true crime

She Thought She Found the Zodiac Killer. Then a True Crime Show Proved Her Wrong.

Susan Mustafa.
Susan Mustafa. Photo: Courtesy of FX

At the end of FX’s The Most Dangerous Animal of All, journalist Susan Mustafa says she’s planning to “get drunk as shit” and “burn the fuck out of that book.” The book, of course, is the 2014 best-selling memoir The Most Dangerous Animal of All: Searching for My Father and Finding the Zodiac Killer, which she co-wrote with Baton Rouge businessman Gary L. Stewart.

Mustafa and Stewart met in March 2012 through a mutual business contact, when Stewart was looking for a co-writer to help him with the story of his life. In the book, they follow Stewart’s search to find the biological father who abandoned him and whom Stewart became convinced was the Zodiac Killer, the unidentified serial murderer who terrorized Northern California in the late ’60s and ’70s. Through circumstantial evidence, including partial-fingerprint evidence, partial DNA, and handwriting analysis, the book concludes that Earl Van Best Jr., who had a sordid criminal history, was Stewart’s father and the elusive serial killer. Van Best Jr., Stewart also learned, had eloped with his 14-year-old mother, got her pregnant, and later abandoned him as a newborn.

In the four-part docuseries, streaming on FX on Hulu, executive producer Ross Dinerstein and director Kief Davidson conducted their own investigation of Stewart’s findings and debunked all of his theories. The producers didn’t share with Stewart or Mustafa what they uncovered until they conducted their last interviews with them near the end of production. When they confronted Mustafa with their evidence on camera, she was so upset she asked for a break. But in an interview with Vulture, Mustafa was forthcoming and apologetic as she spoke about where she feels she went wrong, her relationship with Stewart today, and how she feels about the documentary as a whole. “The lesson to be learned here, for me, is setting out to prove something as opposed to disproving something is a big mistake,” she says. “That’s a big mistake for a journalist to make. I have to own up to it. I have to take responsibility for it.”

How are you feeling now that you’ve had time to see the series?
It’s been a very rocky road for me. I’m a journalist and so truth is what I live and breathe. And the fact that there are discrepancies in the book has really been very difficult for me to deal with. I’m actually rather relieved now that the documentary is out there, because I spent months dreading what was gonna happen when it came out.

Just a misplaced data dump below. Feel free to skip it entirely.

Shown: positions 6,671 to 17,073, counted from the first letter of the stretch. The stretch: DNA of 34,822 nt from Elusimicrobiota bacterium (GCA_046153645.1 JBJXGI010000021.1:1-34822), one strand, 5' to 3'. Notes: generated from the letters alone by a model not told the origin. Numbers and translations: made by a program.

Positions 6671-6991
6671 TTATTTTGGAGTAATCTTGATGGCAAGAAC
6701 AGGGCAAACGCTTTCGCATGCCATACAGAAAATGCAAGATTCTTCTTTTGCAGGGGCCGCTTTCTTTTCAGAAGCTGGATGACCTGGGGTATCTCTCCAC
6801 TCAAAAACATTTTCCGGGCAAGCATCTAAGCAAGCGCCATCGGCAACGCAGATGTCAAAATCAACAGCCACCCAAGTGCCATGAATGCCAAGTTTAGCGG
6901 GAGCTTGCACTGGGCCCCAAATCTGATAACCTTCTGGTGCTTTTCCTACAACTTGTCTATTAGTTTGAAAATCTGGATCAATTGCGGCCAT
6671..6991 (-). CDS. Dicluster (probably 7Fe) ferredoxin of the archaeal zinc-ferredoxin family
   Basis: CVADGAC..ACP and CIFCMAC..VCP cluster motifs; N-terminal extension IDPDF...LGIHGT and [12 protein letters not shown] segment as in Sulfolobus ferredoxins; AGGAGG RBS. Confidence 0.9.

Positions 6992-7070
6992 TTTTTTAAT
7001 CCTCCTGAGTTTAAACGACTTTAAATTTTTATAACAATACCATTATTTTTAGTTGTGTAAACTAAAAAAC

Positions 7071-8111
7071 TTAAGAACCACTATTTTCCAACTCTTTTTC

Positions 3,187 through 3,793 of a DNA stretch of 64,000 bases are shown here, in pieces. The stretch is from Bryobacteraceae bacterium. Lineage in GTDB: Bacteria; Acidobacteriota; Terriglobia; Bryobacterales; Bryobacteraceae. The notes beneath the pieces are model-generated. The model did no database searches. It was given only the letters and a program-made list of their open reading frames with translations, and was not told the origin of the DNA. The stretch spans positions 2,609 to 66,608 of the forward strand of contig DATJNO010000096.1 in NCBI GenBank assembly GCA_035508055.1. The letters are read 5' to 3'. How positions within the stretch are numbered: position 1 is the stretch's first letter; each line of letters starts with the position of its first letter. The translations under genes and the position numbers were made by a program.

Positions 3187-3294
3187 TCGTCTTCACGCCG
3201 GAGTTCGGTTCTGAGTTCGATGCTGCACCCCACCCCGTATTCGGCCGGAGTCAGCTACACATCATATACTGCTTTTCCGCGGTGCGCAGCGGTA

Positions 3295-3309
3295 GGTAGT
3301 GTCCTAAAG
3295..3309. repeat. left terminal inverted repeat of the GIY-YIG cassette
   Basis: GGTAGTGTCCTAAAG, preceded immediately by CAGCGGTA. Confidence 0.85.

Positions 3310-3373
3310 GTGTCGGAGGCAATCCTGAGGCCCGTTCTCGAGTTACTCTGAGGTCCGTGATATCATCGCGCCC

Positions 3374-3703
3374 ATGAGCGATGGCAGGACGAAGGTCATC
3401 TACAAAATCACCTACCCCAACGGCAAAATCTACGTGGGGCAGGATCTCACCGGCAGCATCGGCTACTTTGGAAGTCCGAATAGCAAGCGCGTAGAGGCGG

Let’s back up. The documentary covers some of this, but tell me how you met Gary and started working with him?
Gary was advertising in a magazine that I had previously worked for, and I was friends with the publisher. Gary happened to be in his office, telling him that he was looking for a writer for the story, and I happened to call at that exact moment. The publisher handed Gary the phone and said, “Man, have I got a writer for you.” Gary began to tell me a small portion of the story, and then he got his original manuscript to me through my publisher friend, and I read it that weekend.

That was his 500-page manuscript, right?
Yeah, it was very extensive.

From the series, it seems Gary was very meticulous and took extraordinary steps to find a lot of information. Was that your impression?
Yes, he did. As I read it, as it unfolded, there were some things in there that I was like, This doesn’t sound plausible. But as I saw the totality of his whole story, the “ice cream romance” between his mother and father, the abandonment of him in the town I live in, the reunion with his mother, and then his search for his father that led him to the Zodiac, it was an incredible story. I definitely wanted to investigate it further because it was so many stories intertwined into one.

What do you mean that some things seemed implausible?
Gary has a tendency toward grandiosity. It all seemed exaggerated in a way, but as I went through it and he started presenting his interactions with the San Francisco Police Department and his mother being married to [Detective] Rotea Gilford, it became fascinating to me. There were all these connections that I felt were worthy of an investigation.

When you started working together, did you investigate on your own, or did you base what you wrote on his findings?
Well, he had already done a lot of interviews. He had thoroughly researched the Zodiac Killer and presented me with documentation that bullet-pointed every connection that he had made to the Zodiac. There were some far-fetched things in there that I questioned him on, like Bobby Beausoleil of the Manson family playing in a band with his father in San Francisco during the Haight-Ashbury era. I was like, “Really, Gary? This sounds a little far-fetched.” And then he sends me an email from Bobby Beausoleil that says he was. Every time I questioned him on anything, he had the evidence to back it up for, either in emails or letters or police reports. So, at a point, I quit questioning him. That, to me, was the point that I lost my objectivity.

I should have questioned him on every detail. I should’ve gone behind him and interviewed everybody he interviewed. But the fact is he hired me to write this book based on his life story as part memoir and part true crime. So I didn’t question him. Normally, when I write a book, I do all of the research myself. But he did a large portion. The lesson to be learned here, for me, is setting out to prove something as opposed to disproving something is a big mistake. That’s a big mistake for a journalist to make. I have to own up to it. I have to take responsibility for it.

From talking to Kief and Ross and from what I saw on the show, I can see how, after spending some time with Gary, you let your guard down.